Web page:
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(en) Workers Solidarity #77 Liberia: The myth of humanitarian intervention

From Worker <a-infos-en@ainfos.ca>
Date Mon, 22 Sep 2003 11:05:55 +0200 (CEST)

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Every so often the newspapers fill with stories of a crisis in some
third world country. We see pictures on our screens of gunmen,
starvation and suffering; inevitably we hear calls for humanitarian
intervention. Over the summer, we were told of a crisis in Liberia.
A brutal civil war, a corrupt leader, child soldiers, starving
civilians: it seemed that the whole world was crying out for
intervention by the US or UN.
The cries did not fall on deaf ears. 3 US warships carrying 2,300
marines anchored off the coast and the UN authorised a
peacekeeping force to intervene to stabilise the country and
enforce a ceasefire. On August 11, Liberia's president Charles
Taylor stepped down, under pressure from the US. A peace deal
was signed and West African peacekeeping troops arrived.
Liberia has since disappeared from our TV screens. It would
appear that the crisis is over and the foreign intervention has

At least that is what you would think if you only knew about
Liberia from newspapers and television. Unfortunately, the reality
of the situation is entirely different. Unbeknownst to most of
those who were appealing to the US to intervene, the US
government has been actively intervening in Liberia for a long time
and were directly responsible for the most recent humanitarian

Liberia, founded by freed slaves from the US in the 19th century,
has always been a client state of the US. They have intervened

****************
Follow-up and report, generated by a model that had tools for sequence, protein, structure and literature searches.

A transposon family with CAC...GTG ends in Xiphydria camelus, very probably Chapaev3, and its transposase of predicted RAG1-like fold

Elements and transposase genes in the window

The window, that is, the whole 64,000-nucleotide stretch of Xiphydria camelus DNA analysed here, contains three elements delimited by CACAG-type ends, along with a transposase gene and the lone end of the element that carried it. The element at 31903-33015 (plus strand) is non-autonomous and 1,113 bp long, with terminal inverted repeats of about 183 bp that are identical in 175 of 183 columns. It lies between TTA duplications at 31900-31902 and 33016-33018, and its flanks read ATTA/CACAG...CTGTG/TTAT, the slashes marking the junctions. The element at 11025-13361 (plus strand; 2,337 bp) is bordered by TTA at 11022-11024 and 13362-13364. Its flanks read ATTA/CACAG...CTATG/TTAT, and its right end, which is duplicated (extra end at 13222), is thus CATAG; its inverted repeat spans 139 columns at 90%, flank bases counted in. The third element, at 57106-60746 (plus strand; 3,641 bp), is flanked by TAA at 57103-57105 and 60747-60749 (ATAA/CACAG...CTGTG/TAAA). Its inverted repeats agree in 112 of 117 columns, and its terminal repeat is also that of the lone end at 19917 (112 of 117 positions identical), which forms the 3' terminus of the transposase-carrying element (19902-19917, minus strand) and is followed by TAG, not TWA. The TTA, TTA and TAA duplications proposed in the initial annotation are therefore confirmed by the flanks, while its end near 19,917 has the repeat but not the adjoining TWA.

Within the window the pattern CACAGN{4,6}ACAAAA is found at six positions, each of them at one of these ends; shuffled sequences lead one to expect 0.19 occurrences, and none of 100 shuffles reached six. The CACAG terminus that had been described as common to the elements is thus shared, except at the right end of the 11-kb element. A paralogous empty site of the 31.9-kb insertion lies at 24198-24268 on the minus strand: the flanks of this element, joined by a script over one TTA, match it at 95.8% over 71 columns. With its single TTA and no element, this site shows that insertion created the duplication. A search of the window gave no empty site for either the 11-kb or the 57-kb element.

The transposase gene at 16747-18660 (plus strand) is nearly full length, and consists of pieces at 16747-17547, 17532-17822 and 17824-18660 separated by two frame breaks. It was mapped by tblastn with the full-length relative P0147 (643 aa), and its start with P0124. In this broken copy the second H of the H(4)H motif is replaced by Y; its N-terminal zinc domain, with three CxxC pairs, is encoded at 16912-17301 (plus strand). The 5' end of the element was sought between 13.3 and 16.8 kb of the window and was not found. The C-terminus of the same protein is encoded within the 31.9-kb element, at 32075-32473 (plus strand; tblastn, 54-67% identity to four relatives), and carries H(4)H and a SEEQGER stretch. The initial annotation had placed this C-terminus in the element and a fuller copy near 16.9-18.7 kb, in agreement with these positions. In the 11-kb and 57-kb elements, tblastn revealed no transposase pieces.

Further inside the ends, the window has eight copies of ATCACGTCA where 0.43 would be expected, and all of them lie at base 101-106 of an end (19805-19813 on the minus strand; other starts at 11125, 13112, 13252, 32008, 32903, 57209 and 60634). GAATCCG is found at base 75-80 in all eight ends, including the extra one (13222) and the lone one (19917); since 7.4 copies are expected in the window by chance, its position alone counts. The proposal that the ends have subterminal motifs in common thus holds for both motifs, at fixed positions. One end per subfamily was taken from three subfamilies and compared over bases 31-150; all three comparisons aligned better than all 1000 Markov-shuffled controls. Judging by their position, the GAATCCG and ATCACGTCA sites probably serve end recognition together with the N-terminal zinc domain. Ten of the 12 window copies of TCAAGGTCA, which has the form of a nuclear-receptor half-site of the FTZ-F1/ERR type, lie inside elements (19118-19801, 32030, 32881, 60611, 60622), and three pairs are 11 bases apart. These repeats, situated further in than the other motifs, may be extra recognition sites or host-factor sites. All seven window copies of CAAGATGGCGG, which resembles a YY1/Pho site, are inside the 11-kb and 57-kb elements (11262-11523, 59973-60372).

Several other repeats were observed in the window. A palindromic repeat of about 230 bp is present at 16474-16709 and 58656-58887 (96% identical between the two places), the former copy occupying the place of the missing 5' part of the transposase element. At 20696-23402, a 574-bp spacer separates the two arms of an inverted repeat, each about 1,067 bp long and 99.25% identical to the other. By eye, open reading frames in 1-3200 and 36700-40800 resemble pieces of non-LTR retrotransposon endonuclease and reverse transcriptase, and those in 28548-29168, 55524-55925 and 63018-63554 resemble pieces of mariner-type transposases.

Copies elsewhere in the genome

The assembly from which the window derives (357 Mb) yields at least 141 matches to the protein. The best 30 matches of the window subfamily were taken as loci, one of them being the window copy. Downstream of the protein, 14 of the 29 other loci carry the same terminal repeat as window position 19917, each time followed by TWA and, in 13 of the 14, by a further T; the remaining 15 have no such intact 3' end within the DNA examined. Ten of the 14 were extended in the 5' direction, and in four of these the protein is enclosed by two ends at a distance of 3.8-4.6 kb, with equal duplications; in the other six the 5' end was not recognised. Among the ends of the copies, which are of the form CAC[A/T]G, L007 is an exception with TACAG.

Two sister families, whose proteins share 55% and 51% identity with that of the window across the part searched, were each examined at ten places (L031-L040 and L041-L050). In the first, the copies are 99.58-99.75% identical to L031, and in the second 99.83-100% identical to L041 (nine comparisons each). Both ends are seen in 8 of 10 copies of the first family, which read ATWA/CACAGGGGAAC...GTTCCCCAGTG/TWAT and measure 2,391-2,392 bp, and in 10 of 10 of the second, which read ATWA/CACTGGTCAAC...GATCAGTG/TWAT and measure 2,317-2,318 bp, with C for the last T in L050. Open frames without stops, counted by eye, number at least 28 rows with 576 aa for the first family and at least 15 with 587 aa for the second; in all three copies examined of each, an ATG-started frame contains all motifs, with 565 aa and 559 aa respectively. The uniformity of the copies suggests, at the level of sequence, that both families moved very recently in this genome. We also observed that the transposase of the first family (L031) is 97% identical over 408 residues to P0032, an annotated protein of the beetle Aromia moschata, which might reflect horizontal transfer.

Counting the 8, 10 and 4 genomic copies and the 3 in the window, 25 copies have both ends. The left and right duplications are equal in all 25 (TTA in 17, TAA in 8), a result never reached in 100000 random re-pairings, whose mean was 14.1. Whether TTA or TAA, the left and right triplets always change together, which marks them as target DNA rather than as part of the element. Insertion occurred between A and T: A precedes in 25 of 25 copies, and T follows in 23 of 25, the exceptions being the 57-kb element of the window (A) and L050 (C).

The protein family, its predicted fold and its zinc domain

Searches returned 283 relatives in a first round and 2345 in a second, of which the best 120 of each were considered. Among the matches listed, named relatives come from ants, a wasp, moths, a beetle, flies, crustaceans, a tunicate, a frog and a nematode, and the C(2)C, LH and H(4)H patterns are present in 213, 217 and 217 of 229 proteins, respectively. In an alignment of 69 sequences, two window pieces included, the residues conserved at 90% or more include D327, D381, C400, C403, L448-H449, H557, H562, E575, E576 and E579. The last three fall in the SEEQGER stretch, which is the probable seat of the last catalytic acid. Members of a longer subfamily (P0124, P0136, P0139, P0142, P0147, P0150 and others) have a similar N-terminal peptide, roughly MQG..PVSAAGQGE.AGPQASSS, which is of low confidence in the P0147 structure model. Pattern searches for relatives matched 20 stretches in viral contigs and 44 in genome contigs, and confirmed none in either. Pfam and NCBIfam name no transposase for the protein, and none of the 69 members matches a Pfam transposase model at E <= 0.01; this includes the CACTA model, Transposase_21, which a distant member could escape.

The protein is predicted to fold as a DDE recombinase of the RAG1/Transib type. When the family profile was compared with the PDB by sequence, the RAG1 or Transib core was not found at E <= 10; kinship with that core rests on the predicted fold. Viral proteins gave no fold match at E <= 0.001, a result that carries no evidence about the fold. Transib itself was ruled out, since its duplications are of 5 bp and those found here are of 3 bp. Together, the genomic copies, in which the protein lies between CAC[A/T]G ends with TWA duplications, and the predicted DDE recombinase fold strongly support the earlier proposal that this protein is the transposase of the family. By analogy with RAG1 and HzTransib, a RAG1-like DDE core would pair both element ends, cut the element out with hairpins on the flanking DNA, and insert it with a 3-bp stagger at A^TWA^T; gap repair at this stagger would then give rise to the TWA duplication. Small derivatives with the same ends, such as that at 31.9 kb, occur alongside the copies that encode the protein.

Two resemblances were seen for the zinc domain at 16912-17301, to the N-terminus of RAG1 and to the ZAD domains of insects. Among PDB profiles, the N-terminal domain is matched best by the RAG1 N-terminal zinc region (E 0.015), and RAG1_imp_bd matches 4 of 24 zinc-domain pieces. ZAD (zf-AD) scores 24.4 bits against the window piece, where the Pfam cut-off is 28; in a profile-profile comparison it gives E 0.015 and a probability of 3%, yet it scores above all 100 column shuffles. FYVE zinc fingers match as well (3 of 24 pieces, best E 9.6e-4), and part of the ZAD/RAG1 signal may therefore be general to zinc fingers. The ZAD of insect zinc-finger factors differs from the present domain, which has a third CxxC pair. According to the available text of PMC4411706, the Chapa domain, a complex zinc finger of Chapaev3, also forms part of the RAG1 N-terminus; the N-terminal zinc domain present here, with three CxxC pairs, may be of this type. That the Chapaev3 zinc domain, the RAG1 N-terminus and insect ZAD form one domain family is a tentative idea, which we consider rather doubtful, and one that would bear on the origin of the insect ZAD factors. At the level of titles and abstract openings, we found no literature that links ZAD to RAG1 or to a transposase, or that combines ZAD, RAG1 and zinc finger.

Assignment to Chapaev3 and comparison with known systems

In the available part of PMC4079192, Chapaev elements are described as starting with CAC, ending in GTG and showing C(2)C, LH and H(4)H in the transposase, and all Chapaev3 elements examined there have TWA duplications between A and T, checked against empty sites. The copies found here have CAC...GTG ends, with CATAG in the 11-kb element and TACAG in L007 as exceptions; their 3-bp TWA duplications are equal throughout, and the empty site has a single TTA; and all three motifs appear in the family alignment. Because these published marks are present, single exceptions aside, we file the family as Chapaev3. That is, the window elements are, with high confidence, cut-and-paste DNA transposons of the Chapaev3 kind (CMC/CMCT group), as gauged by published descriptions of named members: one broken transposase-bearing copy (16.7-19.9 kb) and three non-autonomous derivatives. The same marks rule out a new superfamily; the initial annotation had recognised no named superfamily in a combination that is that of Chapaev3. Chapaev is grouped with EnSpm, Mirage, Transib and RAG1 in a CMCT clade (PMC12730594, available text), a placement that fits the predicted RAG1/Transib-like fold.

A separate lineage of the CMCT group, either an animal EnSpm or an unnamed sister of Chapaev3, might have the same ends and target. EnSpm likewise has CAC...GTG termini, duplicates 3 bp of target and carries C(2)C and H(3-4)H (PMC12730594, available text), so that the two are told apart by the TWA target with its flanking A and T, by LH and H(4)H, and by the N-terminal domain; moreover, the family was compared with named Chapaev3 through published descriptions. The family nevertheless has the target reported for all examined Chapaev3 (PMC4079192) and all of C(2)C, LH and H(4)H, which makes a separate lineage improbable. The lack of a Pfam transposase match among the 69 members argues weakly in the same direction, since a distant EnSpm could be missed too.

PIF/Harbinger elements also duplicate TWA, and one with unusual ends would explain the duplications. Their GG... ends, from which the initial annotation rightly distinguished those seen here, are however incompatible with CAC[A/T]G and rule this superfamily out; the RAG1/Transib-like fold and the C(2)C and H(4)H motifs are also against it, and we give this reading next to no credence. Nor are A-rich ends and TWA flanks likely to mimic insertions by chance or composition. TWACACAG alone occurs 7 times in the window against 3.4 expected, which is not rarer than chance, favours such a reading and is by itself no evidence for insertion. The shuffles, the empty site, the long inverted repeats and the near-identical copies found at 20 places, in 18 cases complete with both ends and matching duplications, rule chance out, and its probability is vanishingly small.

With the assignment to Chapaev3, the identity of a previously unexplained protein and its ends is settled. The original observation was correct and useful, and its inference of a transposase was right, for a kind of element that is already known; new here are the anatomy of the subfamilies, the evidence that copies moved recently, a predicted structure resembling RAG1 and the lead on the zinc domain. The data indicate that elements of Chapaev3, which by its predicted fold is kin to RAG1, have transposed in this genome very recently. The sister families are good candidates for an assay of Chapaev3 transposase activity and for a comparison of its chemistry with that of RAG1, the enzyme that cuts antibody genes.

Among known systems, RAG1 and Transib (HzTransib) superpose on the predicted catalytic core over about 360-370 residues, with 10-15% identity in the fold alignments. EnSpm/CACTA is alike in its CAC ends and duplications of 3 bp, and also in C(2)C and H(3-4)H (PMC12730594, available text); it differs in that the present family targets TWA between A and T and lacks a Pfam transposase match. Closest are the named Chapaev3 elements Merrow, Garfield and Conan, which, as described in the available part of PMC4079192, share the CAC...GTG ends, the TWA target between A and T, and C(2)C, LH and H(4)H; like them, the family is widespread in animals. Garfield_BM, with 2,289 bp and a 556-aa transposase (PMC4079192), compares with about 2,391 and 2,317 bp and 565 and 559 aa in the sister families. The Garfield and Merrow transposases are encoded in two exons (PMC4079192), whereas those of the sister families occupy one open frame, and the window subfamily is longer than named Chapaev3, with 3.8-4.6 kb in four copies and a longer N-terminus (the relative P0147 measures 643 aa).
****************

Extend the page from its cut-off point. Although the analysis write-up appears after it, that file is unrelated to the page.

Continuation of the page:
covertly to replace Liberian government's that they didn't like on a
number of occasions [1]. President Taylor, whom they initially
supported, incurred their displeasure in the late 1990's when he
backed rebel groups in neighbouring Guinea and Sierra Leone, in a
bid to seize some of the extensive diamond deposits of these
neighbouring countries. The US then began a long campaign to
oust Taylor.

They funnelled money through their regional ally Guinea, to create
a proxy army, the LURD, which invaded Liberia. The LURD
campaign was based on terror, reminiscent of previous US proxy
armies in Africa and Latin America. Human rights reports have
documented how the LURD press-ganged children into their army,
kept their troops high on drugs, shelled civilian areas, massacred
villagers and requisitioned their food, thereby ensuring a mass
exodus into the capital.

The US aggression against Liberia was hardly much of a secret
for those who cared to look. Ed Royce, the chairman of the US
house sub-committee on Africa, warned Taylor as far back as
1999 that "[Taylor] should be made to realize that the US has the
ability and the will to undermine his rule." The Liberian
government themselves referred to "a policy of 'regime change' in
the form of a proxy war."[2] After deliberately creating the